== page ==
Artworks in Arcadja5
Some works of Alejo De VahiaExtracted between 5 works in the catalog of Arcadja
Auction: Sotheby's -Jul 6, 2017 - LondonLot number: 66
Other WORKS AT AUCTION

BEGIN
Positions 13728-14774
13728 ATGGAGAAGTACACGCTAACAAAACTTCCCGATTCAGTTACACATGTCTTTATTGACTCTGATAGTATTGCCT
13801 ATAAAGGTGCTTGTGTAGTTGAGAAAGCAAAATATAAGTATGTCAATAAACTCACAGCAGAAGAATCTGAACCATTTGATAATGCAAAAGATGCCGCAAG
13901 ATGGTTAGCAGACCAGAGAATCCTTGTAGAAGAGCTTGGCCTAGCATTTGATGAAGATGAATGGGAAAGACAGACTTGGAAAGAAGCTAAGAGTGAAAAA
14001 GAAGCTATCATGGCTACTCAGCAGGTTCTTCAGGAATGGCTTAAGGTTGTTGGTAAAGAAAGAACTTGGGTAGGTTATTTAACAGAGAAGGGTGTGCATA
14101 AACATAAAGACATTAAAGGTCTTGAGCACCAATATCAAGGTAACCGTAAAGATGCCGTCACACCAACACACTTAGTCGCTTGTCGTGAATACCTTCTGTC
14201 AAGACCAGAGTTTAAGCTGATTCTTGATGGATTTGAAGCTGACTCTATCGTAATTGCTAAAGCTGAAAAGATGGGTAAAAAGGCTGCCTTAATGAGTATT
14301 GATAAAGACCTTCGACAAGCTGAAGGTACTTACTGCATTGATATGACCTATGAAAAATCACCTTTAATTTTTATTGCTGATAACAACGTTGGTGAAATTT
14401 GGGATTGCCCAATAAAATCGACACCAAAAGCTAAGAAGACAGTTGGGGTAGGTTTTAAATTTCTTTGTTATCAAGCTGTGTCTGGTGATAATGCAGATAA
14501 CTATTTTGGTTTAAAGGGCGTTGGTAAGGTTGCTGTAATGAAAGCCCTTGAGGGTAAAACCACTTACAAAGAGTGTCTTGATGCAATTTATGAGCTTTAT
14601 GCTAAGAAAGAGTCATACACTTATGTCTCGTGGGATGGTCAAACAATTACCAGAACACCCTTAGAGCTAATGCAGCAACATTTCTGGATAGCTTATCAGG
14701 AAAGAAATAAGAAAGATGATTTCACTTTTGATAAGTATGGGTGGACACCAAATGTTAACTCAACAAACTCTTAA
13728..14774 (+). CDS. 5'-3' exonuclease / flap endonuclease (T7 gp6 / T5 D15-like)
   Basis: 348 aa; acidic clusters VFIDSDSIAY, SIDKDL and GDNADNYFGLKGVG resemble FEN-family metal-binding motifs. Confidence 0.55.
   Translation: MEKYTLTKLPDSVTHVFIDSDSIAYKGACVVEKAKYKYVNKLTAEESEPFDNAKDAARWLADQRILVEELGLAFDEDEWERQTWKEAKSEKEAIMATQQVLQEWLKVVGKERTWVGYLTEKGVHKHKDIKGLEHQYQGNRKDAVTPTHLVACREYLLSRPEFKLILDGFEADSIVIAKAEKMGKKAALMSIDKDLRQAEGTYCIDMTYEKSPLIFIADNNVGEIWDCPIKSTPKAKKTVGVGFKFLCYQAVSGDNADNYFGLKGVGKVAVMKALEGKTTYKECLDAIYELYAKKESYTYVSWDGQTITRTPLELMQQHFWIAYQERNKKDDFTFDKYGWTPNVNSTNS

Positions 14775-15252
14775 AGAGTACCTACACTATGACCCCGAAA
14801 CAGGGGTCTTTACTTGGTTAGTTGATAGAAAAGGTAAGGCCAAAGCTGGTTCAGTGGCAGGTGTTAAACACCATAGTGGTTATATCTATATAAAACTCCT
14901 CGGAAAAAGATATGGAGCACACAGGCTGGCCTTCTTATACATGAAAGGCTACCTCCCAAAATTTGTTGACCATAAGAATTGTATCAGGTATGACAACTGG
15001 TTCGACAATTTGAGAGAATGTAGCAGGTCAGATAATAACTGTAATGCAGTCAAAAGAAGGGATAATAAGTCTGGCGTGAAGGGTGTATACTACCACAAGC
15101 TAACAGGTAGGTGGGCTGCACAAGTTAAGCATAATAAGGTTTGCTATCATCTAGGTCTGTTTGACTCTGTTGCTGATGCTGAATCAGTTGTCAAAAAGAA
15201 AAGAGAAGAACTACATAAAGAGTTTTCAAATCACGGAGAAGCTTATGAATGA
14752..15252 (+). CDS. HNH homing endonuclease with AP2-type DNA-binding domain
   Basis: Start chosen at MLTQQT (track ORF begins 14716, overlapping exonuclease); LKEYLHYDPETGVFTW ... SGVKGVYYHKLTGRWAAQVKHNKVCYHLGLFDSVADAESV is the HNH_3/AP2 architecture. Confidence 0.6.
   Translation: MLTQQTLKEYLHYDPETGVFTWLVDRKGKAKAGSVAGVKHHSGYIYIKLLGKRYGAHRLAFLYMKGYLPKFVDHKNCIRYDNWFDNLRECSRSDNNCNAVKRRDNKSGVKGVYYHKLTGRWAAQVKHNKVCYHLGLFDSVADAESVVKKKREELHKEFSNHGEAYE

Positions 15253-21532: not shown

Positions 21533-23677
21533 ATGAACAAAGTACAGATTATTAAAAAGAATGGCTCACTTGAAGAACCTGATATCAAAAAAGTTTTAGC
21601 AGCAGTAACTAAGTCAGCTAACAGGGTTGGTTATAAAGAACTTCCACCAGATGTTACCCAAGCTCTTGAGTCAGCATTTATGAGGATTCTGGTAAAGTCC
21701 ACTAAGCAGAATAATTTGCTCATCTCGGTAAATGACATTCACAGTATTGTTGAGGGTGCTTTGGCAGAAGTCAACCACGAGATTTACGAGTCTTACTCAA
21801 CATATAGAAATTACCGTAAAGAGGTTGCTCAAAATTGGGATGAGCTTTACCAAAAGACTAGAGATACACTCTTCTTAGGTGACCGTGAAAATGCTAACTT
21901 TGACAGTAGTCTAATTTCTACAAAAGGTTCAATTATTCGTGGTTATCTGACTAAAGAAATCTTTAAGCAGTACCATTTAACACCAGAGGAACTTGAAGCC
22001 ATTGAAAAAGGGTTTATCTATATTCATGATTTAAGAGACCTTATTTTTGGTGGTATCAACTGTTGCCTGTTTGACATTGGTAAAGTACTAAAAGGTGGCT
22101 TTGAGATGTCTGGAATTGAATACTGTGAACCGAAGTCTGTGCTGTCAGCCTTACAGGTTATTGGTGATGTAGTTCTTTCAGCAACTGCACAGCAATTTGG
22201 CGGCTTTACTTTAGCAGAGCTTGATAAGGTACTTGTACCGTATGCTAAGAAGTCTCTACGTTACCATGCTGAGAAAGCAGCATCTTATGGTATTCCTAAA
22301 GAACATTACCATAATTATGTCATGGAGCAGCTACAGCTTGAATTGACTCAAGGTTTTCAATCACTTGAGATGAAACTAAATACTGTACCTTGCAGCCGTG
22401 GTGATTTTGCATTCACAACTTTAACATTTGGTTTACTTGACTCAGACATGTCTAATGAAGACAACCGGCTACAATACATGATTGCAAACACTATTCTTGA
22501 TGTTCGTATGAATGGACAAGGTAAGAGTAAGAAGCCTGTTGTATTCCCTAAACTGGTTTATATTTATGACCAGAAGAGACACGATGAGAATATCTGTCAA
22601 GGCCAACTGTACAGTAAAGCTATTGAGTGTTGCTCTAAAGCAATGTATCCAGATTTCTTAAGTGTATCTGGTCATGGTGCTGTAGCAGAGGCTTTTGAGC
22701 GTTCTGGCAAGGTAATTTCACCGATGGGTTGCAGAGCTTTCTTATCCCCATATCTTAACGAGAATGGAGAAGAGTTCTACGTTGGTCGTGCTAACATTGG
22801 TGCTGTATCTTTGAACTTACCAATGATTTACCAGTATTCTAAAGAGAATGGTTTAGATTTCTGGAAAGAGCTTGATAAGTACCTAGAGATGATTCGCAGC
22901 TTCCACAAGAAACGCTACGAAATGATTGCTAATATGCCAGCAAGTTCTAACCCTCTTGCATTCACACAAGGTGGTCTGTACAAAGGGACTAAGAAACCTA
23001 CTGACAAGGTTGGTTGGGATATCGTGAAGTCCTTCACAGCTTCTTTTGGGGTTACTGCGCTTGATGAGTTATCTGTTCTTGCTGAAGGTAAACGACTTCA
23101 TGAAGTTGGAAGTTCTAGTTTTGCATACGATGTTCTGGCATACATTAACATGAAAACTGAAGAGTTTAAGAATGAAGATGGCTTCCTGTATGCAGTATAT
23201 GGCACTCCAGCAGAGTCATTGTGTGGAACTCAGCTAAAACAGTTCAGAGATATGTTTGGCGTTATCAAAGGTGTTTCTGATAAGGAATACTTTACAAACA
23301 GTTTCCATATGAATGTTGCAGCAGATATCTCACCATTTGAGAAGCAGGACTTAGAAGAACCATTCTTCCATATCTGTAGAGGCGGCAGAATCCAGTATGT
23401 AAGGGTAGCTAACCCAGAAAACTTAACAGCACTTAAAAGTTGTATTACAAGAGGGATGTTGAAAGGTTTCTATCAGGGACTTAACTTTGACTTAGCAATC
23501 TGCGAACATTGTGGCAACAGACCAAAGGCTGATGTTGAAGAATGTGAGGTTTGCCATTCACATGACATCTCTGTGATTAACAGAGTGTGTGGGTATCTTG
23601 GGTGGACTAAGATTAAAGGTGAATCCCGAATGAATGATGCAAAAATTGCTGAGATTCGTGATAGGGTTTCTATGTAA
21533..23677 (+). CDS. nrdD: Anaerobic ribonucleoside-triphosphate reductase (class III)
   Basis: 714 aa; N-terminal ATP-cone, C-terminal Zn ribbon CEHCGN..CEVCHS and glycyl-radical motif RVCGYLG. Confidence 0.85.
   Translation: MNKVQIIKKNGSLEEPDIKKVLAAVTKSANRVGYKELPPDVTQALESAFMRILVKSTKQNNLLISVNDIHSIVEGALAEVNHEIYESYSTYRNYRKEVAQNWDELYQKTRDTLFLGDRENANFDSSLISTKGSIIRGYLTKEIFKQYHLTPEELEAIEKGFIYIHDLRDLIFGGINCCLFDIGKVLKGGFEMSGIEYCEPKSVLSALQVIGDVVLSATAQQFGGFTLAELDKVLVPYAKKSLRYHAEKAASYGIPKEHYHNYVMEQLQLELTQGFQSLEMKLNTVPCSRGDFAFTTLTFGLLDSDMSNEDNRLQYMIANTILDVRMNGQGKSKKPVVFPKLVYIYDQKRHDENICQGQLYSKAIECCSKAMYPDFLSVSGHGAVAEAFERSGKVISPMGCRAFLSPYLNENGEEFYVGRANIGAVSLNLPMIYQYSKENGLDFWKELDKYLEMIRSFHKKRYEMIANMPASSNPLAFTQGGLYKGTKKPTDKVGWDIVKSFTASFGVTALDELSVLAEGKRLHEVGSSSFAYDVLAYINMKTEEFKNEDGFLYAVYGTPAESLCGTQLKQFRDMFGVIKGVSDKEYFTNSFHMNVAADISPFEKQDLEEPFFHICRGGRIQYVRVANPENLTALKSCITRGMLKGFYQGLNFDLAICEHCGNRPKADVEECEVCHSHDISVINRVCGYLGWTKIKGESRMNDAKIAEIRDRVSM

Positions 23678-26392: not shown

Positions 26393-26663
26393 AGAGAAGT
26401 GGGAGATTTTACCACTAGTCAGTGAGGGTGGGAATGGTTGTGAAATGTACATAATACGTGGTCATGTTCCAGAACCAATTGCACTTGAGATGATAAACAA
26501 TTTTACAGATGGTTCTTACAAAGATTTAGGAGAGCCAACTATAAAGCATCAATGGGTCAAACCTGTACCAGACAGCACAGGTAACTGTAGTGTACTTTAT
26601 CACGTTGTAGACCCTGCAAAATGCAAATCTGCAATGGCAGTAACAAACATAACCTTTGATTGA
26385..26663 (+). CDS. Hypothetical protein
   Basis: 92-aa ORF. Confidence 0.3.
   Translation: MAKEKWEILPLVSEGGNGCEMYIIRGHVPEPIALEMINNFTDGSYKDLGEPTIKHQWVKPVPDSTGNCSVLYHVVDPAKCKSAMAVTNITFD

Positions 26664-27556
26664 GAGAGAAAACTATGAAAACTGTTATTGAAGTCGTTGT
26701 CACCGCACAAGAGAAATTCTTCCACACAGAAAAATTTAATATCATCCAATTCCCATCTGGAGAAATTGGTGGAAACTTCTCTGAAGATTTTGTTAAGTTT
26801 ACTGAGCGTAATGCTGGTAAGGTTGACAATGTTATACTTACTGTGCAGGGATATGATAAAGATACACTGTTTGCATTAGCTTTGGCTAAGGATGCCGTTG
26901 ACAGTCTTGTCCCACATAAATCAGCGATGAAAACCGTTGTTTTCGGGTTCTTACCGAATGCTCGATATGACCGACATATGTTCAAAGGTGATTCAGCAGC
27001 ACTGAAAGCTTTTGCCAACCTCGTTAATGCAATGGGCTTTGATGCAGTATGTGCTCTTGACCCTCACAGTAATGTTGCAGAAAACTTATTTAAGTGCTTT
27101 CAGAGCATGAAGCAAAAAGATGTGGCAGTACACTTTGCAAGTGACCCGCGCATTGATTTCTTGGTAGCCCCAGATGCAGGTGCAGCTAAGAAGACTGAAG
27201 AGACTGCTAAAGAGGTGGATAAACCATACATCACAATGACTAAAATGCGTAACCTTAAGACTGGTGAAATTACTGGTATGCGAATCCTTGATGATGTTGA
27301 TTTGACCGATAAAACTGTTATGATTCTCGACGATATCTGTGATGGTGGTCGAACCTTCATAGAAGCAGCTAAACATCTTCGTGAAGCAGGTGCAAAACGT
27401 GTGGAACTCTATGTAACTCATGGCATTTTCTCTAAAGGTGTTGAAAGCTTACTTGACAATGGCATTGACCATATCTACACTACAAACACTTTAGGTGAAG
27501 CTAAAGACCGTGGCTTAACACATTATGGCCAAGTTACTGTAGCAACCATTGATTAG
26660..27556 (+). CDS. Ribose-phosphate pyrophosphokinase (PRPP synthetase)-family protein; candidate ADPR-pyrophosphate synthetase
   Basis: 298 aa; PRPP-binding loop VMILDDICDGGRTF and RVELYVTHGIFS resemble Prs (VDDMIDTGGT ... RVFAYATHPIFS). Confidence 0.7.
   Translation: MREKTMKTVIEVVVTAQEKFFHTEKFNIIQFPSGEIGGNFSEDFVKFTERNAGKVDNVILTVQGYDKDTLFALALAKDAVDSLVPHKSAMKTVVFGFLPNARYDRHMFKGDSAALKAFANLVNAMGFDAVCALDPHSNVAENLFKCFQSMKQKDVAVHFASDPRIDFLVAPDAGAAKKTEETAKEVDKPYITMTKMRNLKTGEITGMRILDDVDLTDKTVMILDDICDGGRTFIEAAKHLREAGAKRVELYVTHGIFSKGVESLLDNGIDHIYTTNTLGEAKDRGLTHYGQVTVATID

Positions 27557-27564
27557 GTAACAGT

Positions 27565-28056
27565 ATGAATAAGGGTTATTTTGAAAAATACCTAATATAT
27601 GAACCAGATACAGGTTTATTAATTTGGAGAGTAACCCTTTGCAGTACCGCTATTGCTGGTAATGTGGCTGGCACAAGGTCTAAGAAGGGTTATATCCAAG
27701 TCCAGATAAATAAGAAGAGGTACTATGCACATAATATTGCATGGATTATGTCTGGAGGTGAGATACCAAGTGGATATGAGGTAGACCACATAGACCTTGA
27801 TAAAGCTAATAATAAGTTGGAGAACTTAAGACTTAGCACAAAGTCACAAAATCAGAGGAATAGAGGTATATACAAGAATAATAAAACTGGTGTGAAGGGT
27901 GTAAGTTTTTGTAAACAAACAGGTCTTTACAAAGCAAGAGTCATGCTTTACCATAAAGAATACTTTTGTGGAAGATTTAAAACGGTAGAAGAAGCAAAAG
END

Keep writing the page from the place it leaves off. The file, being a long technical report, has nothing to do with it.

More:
VIRGIN OF THE ASSUMPTION UK: Greenford Park Lots marked W will be sent to Greenford Park Fine Art Storage Facility immediately after the auction. gilt and polychromed wood 114cm., 44 7/8 in. Provenance Sotheby's Munich, 17 May 1979, lot 93; Sotheby's London, 7 July 1999, lot 59 Catalogue Note This serene Virgin with hands folded together in prayer was probably originally part of a large group or retable depicting the Assumption of the Virgin. The lower part may once have been composed of a crescent moon, clouds, or angels, aiding the Virgin in her ascent into Heaven, but the sculpture is now truncated at the knees. The present work was previously sold in Munich as anonymous Spanish - then with a probably later lower part attached - , but a more precise attribution has recently been proposed. The sculptor Alejo de Vahía, active around the Palencia area from 1473-1515, was probably trained in the Middle Rhine region or Flanders. His distinctive Hispano-Flemish style can be recognised in the present sculpture, with his signature tresses of stylised curly hair and heavily folded drapery with long vertical folds. Compare to a figure of a Virtue, currently in the Museo de Santa María in Becerril de Campos. This Virgin of the Assumption can be dated to the later part of Alejo de Vahía's career, when he was influenced by a more classicised style which was heralded by a younger generation of sculptors such as Gil de Siloé. A further argument for this date can be found in the central panel of the main altar of the Cathedral of Palencia, where Felipe Bigarny's Assumption of the Virgin shows great similarities to the present Virgin, including the idealised, classical face, the hands together in prayer, and the drapery which folds around the elbows and arms and cascades down in vertical folds. Bigarny's altarpiece is recorded to have been commissioned in 1505 and completed in 1509; the present sculpture is likely to have been completed contemporaneously or slightly later. Overall the condition of the wood is very good, with minor dirt and wear to the surface consistent with age. At one point in its history, the figure had additional lower legs, however, these were deemed to be later additions and were subsequently removed, as the subject is the kneeling Virgin. The hands may be reattached, and there are restorations at the wrists. There is a slightly open stable joint at the proper left arm. There is stable splitting to the wood, consistent with the material, including one split from the bottom running up to the abdomen, and there are minor stable splits to the top of the head. There are various losses to the polychromy and gilding, including at the proper left elbow. There is general wear to the polychromy and gilding, some of the polychromy may have been refreshed, in particular to the face. There is a cream paint to the back of the head. There are several small holes to the top of the head, and a small hole in the upper chest. There are some small losses to the drapery at the abdomen. There are various small holes in the drapery, in particular in the hanging folds below the abdomen. There are small losses to the drapery at the bottom. Part of the back of the sculpture has been cut away, probably at a later date, resulting in a rectangular recess. There are some small holes in the back. There are two modern metal hooks in the back. Several pieces of drapery on the back on the proper left side are reattached, and there may have been a lost piece of wood at the bottom. There is minor evidence of non-active worming, in particular at the back on the proper left shoulder. There are a few small losses to the edges of the mantle, at the chest on the proper right side.